• DTI (debt-to-income) ratio: Lenders use this metric to gauge how much of your income is devoted to paying your debt if a mortgage were included. Generally, lenders will approve you for a loan with a DTI between 45 to 50 percent. For a jumbo loan, however, some experts say it’s best to have a DTI that’s 38 to 41 percent or lower.
  • Down payment: Jumbo lenders want more of your skin in the game. That means most jumbo borrowers are expected to put at least 20 percent down, if not more. A lot of jumbos don’t come with private mortgage insurance, which is why lenders require a higher down payment.  
  • Cash reserves: Some conventional lenders might be OK with borrowers having six months (or less) of cash reserves after closing on their loan. Jumbo lenders, though, may want to see borrowers with 12 to 24 months of reserves in the bank. That includes enough money to cover the principal balance of your mortgage, along with the associated interest, taxes and insurance. Lee puts a value on it: Depending on the market, borrowers may need up to $100,000 in reserves before taking out their jumbo.
Different rules may apply

Not all jumbo loans are created equal. That is, different lenders may cap how much jumbo money they’re willing to lend.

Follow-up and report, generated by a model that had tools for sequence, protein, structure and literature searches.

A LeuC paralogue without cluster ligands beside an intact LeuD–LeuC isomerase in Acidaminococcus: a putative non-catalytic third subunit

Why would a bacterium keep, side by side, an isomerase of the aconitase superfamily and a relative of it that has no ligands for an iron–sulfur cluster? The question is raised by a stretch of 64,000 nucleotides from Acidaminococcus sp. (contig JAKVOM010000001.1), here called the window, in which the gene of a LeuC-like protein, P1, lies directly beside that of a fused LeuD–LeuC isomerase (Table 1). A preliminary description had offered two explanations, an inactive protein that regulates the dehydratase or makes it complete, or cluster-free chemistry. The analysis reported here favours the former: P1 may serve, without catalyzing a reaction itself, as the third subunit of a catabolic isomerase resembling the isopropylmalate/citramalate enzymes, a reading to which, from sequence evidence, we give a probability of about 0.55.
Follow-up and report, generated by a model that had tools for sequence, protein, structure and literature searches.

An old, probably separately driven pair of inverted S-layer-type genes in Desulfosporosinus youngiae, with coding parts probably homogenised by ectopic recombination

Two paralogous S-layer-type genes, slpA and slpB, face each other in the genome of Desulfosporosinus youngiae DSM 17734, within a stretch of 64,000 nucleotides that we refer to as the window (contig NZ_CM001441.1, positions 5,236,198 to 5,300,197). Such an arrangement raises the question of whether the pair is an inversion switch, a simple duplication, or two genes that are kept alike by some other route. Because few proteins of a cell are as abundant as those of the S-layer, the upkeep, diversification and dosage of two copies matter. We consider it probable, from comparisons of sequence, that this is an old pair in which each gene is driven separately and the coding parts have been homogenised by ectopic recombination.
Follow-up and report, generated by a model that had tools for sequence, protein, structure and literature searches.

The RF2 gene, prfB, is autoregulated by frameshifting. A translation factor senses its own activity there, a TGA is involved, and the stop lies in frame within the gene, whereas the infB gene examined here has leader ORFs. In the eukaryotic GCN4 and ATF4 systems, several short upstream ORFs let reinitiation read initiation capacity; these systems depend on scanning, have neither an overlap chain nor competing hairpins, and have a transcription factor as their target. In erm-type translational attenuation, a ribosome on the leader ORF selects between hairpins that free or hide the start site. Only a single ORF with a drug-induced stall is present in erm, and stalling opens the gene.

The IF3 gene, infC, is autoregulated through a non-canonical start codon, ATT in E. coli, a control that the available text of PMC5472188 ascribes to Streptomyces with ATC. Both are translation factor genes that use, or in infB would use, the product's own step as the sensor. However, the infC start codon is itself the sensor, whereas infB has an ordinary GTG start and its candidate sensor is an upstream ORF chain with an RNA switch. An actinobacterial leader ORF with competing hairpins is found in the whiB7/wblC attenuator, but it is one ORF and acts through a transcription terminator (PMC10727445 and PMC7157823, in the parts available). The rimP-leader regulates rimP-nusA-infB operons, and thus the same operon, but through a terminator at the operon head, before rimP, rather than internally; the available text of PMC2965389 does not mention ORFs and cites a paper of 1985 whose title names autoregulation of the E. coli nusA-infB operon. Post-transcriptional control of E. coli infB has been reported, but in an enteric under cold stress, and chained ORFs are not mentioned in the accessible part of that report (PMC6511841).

For example, some lenders won’t offer loans over $2 million or $3 million. Others will go as high as $7 million, or even $15 million. Borrower requirements for getting a jumbo may also vary from lender to lender.

Why? There are very few standards, Lee says.

Remember, government-sponsored enterprises like Fannie Mae and Freddie Mac don’t buy these loans because of their large size and considerable risk. Instead, lenders sell jumbo loans to investors who aren’t beholden to any specific regulations or rules.

“There is just no specific standard that really governs how different investors perceive and view jumbo mortgages,” Lee says. “It’s just too broad. It all depends on the appetite of the investor.”

How do I prepare for a jumbo?

So you’re ready to give this home buying thing a try even though the price tag is a little high. Here’s how you should prepare if the home of your dreams is worth the cost:

  • You know the down payment is going to be a little higher than a conventional mortgage. Start saving for it now.
  • Need a credit score boost? Pay off some of your lingering debt so your score goes up and your debt-to-income ratio improves.
  • Start talking with a lender now, and seek pre-approval. Movement offers borrowers up to $2 million in jumbo financing, and a variety of programs and products to fit your unique situation. Reach out to one of our loan officers for more information.
  • Investigate your options and find a responsible lender capable of suiting your needs. Because lenders treat jumbos differently, your credit score may not have to be exceptionally high to qualify. The same goes for interest rates. While rates on jumbos are generally higher than their conventional counterparts, more lenders are beginning to offer jumbo rates that are on par with your more common 30-year fixed-rate mortgage.
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About the Author:

Adam O'Daniel

Adam O'Daniel is Movement's Communications Director. He leads corporate communication and public relations efforts across the organization. Email him at adam.odaniel@movement.com.